The eatery resides on a relatively quiet shopping strip, just over the road from the beach, among suburban staples – a grocer, butcher and bakery. It takes the space over from an all-day diner and takeaway shop.
Waraich says the push for the new venture came from Babu Ji and Piquancy customers who travel to St Kilda and Hawthorn from suburbs further south, who want this food closer to home. “I let my loyal customers tell me where I should go next,” he says.
While Waraich’s previous two venues shared a lot in common – both serve beautifully presented but familiar Indian dishes with a few contemporary additions – at Elichi Waraich hopes to change diners’ opinions of the cuisine.
“In Babu Ji and Piquancy we did how Indian food can be presented differently,” he says. “But now, we want to [see] what else can be added.”
Head chef Punit Fernandes (Rockpool, Mesh, Merrywell, No. 8 by John Lawson, Mantra Group) moved to Melbourne from Mumbai 10 years ago. In 2015 he was an Australian-Pacific finalist for the San Pellegrino Young Chef of the Year Award. Here, Fernandes draws on Elichi’s (pronounced "eh-lychee") Punjabi meaning: “cardamom”.
“In India it is actually produced as a mouth-freshner,” Waraich says. “We want people to have that feeling when they come and eat our food. We don’t want them to feel like, ‘Oh, I shouldn’t have gone there. I’ve eaten too much. It’s too heavy’.”
Fernandes’s menu takes conventional Indian and lightens it, bringing in Australian herbs and flavours. The panipuri (traditionally a fried, crisp shell filled with flavoured water, tamarind chutney, chilli, chaat masala, potato and onion) is lifted with finger lime and mint. Lamb ribs are roasted with saltbush and cumin. A cold dish of whipped-garlic labneh and roasted Jerusalem artichokes is another standout.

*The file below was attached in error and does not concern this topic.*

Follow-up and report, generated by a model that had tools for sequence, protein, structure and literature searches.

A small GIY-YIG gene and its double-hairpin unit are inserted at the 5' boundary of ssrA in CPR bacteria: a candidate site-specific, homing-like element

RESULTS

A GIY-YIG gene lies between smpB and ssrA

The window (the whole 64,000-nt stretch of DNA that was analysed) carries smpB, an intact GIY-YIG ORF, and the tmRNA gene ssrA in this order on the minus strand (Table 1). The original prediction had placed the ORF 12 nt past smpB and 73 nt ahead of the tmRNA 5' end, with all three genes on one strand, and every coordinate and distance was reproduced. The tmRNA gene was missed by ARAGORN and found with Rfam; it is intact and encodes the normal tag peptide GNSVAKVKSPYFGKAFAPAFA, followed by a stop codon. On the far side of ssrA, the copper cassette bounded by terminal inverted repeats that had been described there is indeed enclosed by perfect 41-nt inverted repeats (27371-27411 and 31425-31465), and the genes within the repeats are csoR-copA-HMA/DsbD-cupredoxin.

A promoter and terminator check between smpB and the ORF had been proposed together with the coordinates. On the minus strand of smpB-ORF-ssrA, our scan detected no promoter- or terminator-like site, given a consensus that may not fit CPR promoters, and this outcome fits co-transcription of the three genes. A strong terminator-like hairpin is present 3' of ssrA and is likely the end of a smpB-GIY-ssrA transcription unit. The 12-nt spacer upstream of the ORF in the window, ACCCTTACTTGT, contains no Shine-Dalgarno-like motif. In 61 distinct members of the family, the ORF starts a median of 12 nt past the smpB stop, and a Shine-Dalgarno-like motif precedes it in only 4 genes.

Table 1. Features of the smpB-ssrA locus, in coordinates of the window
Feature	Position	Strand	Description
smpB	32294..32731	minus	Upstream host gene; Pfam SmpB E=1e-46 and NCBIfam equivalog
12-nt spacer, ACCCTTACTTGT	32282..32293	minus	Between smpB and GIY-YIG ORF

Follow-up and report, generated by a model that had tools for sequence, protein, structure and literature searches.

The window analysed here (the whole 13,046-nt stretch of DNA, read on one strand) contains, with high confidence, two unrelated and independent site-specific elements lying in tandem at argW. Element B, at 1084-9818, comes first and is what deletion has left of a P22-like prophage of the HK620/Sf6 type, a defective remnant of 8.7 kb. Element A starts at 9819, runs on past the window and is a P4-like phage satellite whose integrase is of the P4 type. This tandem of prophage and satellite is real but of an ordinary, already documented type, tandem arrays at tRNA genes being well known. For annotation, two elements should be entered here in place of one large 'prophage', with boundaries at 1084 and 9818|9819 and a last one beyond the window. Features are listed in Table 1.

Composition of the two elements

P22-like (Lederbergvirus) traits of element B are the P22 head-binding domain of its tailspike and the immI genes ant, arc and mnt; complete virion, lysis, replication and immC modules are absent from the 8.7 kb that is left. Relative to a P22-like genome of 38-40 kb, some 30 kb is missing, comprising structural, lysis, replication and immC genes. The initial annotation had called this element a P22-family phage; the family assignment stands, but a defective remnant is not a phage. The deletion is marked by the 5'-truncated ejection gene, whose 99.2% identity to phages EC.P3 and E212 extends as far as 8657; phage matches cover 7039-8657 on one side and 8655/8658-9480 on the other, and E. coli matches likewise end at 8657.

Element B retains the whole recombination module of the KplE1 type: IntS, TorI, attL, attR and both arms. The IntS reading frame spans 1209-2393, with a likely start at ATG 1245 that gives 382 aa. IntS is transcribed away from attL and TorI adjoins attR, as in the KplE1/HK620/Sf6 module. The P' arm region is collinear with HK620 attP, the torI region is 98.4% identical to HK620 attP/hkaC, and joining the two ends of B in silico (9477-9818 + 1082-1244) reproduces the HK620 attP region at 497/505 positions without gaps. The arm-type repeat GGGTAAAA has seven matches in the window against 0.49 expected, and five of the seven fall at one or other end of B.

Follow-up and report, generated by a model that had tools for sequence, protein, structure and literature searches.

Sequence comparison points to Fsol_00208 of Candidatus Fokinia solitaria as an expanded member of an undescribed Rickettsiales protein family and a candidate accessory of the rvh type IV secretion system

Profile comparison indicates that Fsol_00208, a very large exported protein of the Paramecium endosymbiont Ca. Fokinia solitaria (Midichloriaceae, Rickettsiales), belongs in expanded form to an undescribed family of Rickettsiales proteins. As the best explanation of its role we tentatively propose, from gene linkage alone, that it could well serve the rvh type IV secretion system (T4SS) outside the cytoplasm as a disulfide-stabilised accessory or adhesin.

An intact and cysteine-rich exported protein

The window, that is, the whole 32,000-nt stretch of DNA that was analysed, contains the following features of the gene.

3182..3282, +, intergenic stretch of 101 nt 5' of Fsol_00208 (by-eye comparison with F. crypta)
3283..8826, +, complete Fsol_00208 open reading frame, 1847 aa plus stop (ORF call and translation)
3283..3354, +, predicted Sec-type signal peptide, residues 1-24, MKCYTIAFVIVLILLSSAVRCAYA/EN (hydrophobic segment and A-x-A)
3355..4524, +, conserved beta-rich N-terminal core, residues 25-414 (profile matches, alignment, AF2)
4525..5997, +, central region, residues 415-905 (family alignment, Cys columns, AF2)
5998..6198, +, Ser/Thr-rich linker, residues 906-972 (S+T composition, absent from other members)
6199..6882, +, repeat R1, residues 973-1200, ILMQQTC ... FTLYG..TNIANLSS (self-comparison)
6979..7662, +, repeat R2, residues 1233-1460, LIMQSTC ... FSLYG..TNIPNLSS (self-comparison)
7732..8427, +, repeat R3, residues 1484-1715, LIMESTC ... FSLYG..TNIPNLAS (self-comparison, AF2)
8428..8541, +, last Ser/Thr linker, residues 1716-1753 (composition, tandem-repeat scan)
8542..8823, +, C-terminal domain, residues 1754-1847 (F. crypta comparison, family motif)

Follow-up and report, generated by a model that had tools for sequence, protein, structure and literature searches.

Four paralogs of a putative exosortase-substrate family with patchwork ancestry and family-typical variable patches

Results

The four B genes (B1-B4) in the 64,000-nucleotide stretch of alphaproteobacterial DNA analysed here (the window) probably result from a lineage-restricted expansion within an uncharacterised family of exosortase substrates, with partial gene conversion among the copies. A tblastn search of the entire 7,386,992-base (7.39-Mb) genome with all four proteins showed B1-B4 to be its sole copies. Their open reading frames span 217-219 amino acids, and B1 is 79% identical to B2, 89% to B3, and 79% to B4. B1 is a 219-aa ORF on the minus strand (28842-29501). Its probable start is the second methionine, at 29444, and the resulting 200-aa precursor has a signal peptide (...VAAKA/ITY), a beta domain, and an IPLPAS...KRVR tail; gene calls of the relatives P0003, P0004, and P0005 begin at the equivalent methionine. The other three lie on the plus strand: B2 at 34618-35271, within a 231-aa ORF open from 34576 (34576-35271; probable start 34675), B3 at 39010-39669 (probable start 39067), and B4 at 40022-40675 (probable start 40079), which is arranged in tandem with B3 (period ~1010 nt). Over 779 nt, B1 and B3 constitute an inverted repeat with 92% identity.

There are crowd-pleasers too: beef masala, butter chicken, Otway pork vindaloo – borrowed from Elichi’s predecessors, but Waraich implores his guests to try everything but the obvious.
“I know you’re going to love butter chicken. Pick butter chicken last,” he pleads.
The sundried tomato and mozzarella naan is reminiscent of a toasted sandwich, and a black garlic butter naan is sweet enough to pass as dessert. On the dessert menu itself, a rich cardamom-flavoured dome of cheesecake, with Old Monk rum (an Indian dark rum, aged for a minimum of seven years) jelly, pineapple sorbet and toasted almonds.
The Australian-heavy wine list is crafted by sommelier Jeff Sault, or you can BYO.
As at Elichi’s siblings, a Grab Your Own beer and cider fridge encourages you to get up and choose from 40-plus local and international labels for $10 a bottle, some you might not have come across before. “It’s very hard to pick something [from a drinks menu],” Waraich says. “You tend to order one you know. Like butter chicken.”
Waraich is proud that at-a-glance it’s hard to decipher what cuisine you’ll get beyond the doors of his eatery. “I don’t like obviousness,” he says.
Inside, the 70-seat space is moody without pretention. Concrete floors, black matte seating and dark wallpaper are softened by the storefront’s full-length windows, and wave-like corrugated timber accents that match the tables.
6–8 Bluff Road, Black Rock